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An Econ Nobel for research that saved the world
Bernanke, Diamond and Dybvig explained why banks collapse -- and take the rest of the economy with them
The 2022 Econ Nobel went to Ben Bernanke, Douglas Diamond, and Philip Dybvig for their work on banking and financial crises. This award is, in my opinion, richly deserved — very few economists have done research that saved the economy in real time.
But the award also came as a bit of a surprise to me, because the Econ Nobel — unlike the natural science prizes — is usually not given for a specific discovery about the economy. Usually, it’s a prize for developing a new research method. In other words, the Nobel committee usually seems to judge the importance of a piece of economic research based on how much other economics research it leads to. This is especially true in macroeconomics. This is not a knock on the Econ Nobel — econ, and really all of social science, is still a very young endeavor, and discovering new ways to discover things is often the highest-value work.
The 2022 prize is different. Yes, the famous Diamond-Dybvig model, and Bernanke’s work on financial macroeconomics, have generated substantial follow-on literatures. But their primary importance is in the here and now. Diamond and Dybvig developed a model of banking crises that — pretty much everyone now agrees — explains the basic reason why banks tend to collapse. And Bernanke showed how those collapses could bring down the real economy. Those insights were then successfully applied to save the economy from a second Great Depression in 2008-10 — in part by Bernanke himself.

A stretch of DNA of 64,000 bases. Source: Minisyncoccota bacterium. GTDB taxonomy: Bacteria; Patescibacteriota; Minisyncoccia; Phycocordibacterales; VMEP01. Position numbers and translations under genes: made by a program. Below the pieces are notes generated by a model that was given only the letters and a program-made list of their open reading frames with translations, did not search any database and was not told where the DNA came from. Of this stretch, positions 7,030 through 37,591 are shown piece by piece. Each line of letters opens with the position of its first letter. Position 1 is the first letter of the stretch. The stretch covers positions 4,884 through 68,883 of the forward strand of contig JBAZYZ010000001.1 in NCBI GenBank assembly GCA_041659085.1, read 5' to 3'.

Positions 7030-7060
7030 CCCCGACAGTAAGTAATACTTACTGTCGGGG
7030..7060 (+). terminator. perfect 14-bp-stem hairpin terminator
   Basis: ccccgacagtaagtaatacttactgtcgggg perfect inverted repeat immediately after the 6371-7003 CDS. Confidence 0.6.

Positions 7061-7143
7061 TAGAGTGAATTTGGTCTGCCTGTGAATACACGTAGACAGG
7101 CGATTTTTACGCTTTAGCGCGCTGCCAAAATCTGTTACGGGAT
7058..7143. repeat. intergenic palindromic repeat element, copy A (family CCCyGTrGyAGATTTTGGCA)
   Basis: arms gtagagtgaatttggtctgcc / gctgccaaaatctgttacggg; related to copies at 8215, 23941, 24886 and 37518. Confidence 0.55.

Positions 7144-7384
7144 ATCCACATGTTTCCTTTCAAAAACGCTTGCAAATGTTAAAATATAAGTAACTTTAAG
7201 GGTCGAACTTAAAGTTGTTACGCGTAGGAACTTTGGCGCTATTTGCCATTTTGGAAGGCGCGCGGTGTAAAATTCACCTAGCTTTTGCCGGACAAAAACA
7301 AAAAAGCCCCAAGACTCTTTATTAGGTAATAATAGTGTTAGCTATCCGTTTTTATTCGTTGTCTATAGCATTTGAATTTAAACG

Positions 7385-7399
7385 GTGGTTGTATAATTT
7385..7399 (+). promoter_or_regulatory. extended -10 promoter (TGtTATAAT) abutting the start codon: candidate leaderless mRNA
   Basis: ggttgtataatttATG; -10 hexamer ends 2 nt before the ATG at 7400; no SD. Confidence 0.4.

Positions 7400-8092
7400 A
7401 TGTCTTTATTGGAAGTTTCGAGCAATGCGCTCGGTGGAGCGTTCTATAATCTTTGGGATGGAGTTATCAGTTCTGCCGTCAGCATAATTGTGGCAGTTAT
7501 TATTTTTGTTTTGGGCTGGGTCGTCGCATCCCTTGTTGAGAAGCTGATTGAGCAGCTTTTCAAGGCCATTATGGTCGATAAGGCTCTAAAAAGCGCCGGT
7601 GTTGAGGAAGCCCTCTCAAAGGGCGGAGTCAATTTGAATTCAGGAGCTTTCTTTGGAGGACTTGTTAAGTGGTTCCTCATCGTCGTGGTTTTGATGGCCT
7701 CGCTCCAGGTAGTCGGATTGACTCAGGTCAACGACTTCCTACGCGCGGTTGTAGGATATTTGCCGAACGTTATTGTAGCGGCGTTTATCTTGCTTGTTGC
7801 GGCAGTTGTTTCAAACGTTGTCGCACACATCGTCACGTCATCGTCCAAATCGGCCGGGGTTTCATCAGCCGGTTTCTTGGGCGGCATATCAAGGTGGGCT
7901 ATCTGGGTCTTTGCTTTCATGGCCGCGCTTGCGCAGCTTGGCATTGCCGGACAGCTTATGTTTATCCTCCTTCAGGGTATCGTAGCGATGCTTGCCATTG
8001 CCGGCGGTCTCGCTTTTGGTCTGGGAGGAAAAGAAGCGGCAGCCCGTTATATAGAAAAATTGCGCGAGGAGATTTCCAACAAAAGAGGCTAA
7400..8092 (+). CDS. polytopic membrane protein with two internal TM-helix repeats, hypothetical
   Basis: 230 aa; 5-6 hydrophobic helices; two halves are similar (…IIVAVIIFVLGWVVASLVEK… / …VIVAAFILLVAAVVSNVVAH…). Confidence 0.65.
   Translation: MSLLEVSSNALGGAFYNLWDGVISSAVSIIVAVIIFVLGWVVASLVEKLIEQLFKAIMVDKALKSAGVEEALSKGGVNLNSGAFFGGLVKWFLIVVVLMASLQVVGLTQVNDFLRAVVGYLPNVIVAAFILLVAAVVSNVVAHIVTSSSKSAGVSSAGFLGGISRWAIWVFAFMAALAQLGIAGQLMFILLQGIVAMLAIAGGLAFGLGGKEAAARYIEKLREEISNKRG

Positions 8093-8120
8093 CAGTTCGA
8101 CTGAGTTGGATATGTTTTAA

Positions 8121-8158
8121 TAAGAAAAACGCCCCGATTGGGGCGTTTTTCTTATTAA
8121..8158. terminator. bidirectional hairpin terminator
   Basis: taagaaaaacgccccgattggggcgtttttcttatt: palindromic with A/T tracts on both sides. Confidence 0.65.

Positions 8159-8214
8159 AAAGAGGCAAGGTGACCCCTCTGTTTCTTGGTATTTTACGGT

This is a stunning achievement for a field that usually finds itself struggling to predict what inflation will be three months from now. Most of macroeconomics is still a mystery to us, despite all our fancy math. But one crucial piece of the mystery — the ever-present danger posed by our fragile financial system — is now something we think we sort of understand. And that understanding gives humanity enormous power to make our economies safer and more prosperous, to safeguard the livelihoods of millions, and to make the world a more stable place.